Soon afterwards, and for the rest of the film, Saint Laurent tries to replicate his lost pet. He makes a visit with flowers to where Moujik is buried. What, you didn’t think the dog had a name? Yves auditions a leash of French Bulldogs to find one that looks exactly like Moujik. For the rest of his life Yves is trying to find the moment where he lost his beloved pet. And at the same time running a fashion empire that has expanded into perfume and a way of life.
Saint Laurent taps into a peculiar psychological devise to tell its story. No matter how repulsed you are by the actions of the protag you still identify with the need to go back to the thing that initially made one happy. Yet it’s always out of reach, and just a distorted memory.
One scene in the ‘70s shows Saint Laurent alive and functioning on his daily dose of poison and yet the newspapers are speculating on his death because he hasn’t been seen in public in a few weeks. The end of the movie shows an old man surrounded by his possessions seemingly happy in his museum-like setting yet living with the regret of what he could have accomplished in a separate universe.
In the Name of My Daughter (River Oaks Three, 5/22) unfolds in phases. First is a melodramatic act that sets up the major players. Catherine Deneuve owns a casino but is being forced to fight to a mob mentality that wants to form a monopoly of such establishments. The film is based on true events that transpired in France in the 1970s, which involve conspiracy and a murder.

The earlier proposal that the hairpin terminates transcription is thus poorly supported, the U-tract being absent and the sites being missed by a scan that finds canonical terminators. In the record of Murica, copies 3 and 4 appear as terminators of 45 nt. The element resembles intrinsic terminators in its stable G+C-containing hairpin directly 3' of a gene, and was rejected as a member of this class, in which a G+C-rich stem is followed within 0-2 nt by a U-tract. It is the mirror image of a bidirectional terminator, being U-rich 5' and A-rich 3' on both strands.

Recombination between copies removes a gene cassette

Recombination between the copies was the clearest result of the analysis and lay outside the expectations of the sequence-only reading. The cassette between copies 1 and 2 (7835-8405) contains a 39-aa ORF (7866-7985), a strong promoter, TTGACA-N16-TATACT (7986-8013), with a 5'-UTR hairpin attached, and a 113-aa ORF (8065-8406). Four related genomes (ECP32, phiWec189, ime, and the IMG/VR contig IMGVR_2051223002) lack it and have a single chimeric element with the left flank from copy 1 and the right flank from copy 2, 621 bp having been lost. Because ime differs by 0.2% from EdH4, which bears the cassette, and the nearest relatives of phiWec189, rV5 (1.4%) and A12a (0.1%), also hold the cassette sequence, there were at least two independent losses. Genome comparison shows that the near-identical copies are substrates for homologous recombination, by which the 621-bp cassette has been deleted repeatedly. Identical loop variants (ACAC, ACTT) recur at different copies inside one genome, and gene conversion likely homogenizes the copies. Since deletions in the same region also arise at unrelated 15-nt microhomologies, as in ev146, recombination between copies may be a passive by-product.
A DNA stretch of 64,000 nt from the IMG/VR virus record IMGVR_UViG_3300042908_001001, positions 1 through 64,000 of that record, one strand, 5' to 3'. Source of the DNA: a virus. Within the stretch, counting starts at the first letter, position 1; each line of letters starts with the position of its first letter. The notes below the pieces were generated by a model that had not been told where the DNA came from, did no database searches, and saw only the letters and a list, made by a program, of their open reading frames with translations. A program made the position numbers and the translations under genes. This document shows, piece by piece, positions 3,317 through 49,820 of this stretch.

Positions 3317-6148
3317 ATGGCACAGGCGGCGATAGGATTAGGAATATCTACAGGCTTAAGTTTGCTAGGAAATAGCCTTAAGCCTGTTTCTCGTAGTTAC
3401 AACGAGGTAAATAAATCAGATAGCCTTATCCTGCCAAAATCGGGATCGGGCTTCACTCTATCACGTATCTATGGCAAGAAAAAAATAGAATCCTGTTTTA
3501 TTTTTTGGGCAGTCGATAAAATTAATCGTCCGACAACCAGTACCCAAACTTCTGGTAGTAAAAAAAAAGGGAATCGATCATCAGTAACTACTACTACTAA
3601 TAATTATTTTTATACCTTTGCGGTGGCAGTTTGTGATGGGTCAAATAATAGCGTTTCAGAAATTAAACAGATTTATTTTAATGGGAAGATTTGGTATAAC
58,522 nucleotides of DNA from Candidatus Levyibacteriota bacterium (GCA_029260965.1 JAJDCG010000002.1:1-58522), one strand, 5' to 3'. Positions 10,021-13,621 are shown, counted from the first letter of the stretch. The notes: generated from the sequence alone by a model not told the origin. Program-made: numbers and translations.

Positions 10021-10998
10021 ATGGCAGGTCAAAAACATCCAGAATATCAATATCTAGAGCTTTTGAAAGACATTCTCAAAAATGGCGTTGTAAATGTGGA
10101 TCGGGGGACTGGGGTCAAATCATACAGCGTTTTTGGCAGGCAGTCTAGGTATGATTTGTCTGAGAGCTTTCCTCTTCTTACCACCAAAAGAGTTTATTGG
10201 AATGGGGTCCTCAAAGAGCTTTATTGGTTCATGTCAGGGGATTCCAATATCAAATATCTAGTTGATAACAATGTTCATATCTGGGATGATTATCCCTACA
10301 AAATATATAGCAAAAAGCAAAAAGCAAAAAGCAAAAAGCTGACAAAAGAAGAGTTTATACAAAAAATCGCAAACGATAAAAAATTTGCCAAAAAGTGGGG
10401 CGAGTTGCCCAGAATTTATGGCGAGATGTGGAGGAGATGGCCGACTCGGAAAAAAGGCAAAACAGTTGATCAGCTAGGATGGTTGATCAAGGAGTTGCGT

Guillaume Canet plays Deneuve’s lawyer, a shady individual at best. Adèle Haenel plays Deneuve’s daughter who at one point enters into an affair with Canet and also, as a member of the board of her mother’s foundation, votes against her maternal parent to accede the leverage of the casino into the mob’s hands. Canet also happens to be one of the current French lead actors of note while also being a director of renown (Tell No Lies, Blood Ties). Haenel has been in films for years but this is her first film to be distributed domestically. Haenel has no qualms about appearing nude on-screen.
The second part of ITNOMD moves to a romantic phase emphasizing the romantic, yet very French devil may care, nature of Canet and Haenel’s relationship. The final act moves forward a generation in time and focuses on a trial as to what happened two decades previous.
Director André Téchiné has directed over two-dozen features and a few of them have been available domestically, so he’s got a name and he’s got a rep. In the Name of My Daughter is just the cherry on top of his many previous films.
If there was anything that ever took me out of the film it was the age make-up for Canet. It’s like Ryan Gosling in All Good Things where he plays Robert Durst (a person still in the criminal public eye) over a period of many years. You can’t help noticing that he’s wearing a wig and has his faced plastered with make-up. Yet the film works its magic despite the occasional cosmetic faults.
— Michael Bergeron